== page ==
CAVASSHIPS Podcast [Dec 16, ’22] Episode 78…2022 The Year in Review


Welcome to the CavasShips Podcast with Christopher P. Cavas and Chris Servello…a weekly podcast looking at naval and maritime events and issues of the day – in the US, across the seas and around the world. This week…2022, THE YEAR IN REVIEW. We’re joined by noted naval commentators Bryan Clark and Jerry Hendrix to take a look at what went well for the US Navy in 2022, what didn’t do as well, and what to look for in 2023. It’s a great discussion we hope you’ll enjoy.

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This Week’s Naval Round Up:

Nineteen people fell into the water December 13 when a utility boat being hoisted by crane aboard the US Navy hospital ship COMFORT tipped over while about 20 feet in the air. Two Navy sailors reportedly suffered minor injuries in the incident, which was captured by at least two video cameras. The COMFORT was at Jeremie, Haiti where its embarked medical personnel were providing care during the ship’s Continuing Promise deployment to the Caribbean and Central America region.

Chinese Navy ships continued this past week to pass through Japanese home island waterways and Russian military aircraft flew near Japan’s territorial airspace, the Japan’s Self-Defense Forces reported. Continuing provocations by China, Russia and North Korea are being cited as the basis for Japan’s drastic revisions in its national security strategy. The country announced December 16 it was increasing military spending to about two percent of its gross national product in response to China’s quote rising military aggression. Japan already is converting its two largest helicopter carriers into aircraft carriers able to operate F-35B Joint Strike Fighters.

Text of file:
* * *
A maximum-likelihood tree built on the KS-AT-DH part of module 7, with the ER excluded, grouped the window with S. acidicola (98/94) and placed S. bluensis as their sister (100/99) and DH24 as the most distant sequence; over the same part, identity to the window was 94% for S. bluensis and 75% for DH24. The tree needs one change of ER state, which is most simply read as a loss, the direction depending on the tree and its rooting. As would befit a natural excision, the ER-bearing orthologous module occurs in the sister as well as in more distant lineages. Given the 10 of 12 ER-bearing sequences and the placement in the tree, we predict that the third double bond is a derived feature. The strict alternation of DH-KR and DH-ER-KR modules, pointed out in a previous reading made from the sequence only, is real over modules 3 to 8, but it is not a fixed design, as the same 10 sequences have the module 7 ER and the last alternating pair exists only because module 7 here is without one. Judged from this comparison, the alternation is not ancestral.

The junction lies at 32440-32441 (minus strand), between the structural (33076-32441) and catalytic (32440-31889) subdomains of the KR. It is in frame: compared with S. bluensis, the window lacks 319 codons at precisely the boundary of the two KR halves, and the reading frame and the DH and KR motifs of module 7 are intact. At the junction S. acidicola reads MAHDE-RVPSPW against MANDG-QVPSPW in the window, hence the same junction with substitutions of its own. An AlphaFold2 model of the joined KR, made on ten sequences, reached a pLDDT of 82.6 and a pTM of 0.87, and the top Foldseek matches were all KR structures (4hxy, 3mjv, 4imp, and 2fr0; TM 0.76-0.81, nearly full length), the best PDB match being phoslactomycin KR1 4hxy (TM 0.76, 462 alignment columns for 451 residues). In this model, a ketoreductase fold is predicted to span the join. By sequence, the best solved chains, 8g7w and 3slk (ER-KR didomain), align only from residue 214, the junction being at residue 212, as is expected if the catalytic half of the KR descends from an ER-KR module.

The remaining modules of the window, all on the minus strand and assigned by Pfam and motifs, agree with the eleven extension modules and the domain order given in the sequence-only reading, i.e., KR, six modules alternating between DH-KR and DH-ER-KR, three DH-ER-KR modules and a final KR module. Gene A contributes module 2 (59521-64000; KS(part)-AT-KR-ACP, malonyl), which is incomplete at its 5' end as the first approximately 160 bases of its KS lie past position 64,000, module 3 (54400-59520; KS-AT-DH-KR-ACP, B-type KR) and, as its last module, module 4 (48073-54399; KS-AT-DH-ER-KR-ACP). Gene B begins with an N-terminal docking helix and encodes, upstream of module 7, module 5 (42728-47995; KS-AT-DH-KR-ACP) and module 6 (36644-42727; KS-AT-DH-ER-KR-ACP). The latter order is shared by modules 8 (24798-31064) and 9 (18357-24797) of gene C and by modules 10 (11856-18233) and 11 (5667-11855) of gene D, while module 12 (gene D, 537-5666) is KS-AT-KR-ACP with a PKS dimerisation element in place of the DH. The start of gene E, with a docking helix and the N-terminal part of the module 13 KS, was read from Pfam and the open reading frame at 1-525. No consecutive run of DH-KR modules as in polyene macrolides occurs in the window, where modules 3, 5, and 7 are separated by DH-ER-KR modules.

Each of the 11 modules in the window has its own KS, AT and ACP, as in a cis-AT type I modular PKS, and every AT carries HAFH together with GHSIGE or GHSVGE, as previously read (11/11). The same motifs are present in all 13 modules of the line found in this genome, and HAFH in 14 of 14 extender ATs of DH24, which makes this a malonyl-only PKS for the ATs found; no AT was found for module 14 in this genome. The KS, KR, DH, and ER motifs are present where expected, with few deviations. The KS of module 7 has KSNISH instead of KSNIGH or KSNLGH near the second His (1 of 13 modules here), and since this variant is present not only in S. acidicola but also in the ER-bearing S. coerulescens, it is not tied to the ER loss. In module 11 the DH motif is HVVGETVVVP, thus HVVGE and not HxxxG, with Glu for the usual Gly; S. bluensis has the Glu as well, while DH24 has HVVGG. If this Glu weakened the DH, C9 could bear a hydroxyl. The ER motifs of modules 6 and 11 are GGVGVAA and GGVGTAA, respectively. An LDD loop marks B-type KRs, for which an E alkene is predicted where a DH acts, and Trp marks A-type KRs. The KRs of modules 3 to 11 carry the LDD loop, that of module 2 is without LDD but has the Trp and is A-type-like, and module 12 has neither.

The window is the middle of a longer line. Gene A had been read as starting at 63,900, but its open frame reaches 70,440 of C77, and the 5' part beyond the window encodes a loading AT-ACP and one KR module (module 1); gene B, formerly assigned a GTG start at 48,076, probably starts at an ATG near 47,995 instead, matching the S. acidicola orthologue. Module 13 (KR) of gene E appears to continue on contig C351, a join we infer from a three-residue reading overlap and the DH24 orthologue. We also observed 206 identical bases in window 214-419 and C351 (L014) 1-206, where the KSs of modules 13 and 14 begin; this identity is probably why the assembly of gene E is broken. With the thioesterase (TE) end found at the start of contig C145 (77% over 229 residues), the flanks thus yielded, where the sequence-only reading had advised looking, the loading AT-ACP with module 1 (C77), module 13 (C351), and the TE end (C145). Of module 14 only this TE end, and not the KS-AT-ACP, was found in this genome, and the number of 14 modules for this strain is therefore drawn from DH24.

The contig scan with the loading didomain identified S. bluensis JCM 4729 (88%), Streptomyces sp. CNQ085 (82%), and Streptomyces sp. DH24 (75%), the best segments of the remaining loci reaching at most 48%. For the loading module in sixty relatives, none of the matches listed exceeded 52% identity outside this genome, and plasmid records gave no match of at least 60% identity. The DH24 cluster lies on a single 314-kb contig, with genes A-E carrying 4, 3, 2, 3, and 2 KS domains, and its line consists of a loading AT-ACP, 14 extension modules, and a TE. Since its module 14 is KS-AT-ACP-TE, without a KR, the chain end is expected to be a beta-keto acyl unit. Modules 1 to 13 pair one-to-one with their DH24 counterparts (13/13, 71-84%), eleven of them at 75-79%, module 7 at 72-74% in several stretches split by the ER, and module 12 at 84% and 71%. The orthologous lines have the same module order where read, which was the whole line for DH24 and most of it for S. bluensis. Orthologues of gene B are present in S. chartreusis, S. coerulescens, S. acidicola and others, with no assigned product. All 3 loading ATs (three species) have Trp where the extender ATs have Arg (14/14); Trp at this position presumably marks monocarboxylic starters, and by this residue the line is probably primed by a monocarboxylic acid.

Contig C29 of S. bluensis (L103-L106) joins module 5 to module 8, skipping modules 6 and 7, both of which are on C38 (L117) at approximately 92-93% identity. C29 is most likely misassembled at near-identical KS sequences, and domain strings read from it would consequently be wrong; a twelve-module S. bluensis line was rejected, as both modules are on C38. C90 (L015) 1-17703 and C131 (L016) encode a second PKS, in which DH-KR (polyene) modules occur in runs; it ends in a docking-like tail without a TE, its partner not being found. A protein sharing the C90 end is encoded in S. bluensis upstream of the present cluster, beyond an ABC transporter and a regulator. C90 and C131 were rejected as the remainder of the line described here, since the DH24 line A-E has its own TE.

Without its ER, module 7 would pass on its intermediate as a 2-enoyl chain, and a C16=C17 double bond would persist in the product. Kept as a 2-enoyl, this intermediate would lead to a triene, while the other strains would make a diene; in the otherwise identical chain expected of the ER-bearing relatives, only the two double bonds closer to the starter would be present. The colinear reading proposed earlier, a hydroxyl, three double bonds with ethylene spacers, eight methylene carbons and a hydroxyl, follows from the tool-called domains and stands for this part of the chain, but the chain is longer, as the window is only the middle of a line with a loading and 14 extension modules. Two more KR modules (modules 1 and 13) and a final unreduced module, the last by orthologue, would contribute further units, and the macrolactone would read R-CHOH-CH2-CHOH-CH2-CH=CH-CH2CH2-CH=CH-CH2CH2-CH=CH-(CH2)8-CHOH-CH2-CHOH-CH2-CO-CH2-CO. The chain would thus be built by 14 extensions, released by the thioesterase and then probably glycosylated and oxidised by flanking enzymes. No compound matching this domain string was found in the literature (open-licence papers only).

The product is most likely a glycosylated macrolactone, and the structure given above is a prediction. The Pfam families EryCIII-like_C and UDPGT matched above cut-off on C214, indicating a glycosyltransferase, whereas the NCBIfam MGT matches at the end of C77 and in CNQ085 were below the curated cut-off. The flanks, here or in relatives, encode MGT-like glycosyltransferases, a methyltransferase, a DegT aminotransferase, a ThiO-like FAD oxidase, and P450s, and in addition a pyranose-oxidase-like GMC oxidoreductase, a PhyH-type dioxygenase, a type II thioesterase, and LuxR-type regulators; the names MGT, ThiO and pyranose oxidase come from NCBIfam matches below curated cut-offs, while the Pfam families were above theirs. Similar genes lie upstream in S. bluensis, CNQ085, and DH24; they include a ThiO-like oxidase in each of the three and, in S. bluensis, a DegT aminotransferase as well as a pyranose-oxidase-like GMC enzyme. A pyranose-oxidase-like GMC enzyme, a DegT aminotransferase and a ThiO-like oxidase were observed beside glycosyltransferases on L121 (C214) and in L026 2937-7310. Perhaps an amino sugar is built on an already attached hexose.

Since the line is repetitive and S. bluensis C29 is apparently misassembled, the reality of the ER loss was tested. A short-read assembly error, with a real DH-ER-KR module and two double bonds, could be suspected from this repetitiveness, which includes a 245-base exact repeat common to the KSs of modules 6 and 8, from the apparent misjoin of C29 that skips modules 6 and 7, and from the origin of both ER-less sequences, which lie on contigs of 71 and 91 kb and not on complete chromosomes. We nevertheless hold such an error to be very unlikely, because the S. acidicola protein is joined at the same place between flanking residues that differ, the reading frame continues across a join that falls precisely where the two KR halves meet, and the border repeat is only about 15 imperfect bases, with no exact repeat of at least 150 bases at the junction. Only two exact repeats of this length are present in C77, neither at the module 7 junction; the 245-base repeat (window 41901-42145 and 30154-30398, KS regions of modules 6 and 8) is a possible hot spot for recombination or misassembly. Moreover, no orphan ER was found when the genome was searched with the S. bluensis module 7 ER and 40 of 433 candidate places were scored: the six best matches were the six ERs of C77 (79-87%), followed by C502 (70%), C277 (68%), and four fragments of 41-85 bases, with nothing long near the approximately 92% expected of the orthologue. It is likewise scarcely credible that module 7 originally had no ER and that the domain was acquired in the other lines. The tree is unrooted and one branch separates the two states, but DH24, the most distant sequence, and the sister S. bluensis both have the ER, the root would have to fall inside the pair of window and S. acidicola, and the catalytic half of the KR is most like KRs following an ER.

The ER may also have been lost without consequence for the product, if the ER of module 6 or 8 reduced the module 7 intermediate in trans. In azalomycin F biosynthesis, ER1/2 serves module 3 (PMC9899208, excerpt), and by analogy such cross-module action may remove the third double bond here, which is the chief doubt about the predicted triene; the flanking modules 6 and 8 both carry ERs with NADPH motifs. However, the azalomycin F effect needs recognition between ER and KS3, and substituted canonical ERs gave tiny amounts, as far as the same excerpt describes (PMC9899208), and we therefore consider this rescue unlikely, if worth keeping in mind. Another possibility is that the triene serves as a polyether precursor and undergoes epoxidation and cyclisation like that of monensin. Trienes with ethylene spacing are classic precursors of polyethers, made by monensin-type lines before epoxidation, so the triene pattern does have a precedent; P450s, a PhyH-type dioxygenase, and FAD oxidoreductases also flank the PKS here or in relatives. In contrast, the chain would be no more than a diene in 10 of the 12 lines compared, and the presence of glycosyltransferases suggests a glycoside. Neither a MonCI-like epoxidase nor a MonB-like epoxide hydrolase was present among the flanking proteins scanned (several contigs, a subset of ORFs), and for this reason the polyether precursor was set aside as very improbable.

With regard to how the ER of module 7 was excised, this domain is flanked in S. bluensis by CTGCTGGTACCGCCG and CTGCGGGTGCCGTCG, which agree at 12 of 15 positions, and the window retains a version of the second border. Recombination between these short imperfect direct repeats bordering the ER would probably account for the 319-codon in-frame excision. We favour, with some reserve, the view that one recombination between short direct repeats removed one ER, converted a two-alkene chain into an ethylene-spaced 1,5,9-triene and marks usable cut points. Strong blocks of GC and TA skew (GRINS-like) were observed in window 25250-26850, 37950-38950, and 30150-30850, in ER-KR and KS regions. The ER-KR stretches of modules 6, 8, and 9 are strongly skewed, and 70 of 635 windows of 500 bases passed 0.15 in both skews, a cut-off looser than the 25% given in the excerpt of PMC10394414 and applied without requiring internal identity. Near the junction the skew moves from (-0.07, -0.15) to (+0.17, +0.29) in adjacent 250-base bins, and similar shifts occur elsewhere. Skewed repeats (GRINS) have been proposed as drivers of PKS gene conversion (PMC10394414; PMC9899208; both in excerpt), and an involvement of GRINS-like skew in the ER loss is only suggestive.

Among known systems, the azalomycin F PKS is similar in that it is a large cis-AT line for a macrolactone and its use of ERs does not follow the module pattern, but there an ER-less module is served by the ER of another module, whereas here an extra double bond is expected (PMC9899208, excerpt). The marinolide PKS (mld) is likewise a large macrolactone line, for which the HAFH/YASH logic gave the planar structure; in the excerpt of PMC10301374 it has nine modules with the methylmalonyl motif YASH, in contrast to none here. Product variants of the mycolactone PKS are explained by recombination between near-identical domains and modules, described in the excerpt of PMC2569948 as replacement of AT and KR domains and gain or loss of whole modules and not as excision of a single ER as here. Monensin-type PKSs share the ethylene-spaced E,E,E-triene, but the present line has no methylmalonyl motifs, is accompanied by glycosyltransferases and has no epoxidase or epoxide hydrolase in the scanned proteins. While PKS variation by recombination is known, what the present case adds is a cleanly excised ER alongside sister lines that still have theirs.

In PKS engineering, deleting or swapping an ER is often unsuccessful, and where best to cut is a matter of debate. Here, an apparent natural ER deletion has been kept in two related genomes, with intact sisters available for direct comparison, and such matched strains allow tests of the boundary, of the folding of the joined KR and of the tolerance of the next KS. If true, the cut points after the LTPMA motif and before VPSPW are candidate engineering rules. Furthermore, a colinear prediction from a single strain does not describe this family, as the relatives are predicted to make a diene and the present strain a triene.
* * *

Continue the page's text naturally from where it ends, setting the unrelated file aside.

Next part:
A Lockheed Martin-owned F-35B Joint Strike Fighter crashed December 15 while attempting to touch down at the Fort Worth, Texas airfield shared by the company’s JSF production facility and Naval Air Station Joint Reserve Base Fort Worth. The pilot, identified by the Pentagon only as a government employee, ejected during the incident. The aircraft’s intended customer was not publicly identified.

USNI News reported on December 16 that long-lead procurement orders for two new Virginia-class attack submarines are being held up due to a dispute between the Navy and General Dynamics Electric Boat. At issue is a disagreement as to which organization should be financially responsible if an accident occurs involving Tomahawk cruise missiles, whether during construction or in operation. The issue stems from a 2018 Navy decision to lift its liability protections. The Navy also affects Lockheed Martin and production of the still-under-development Conventional Prompt Strike hypersonic missile.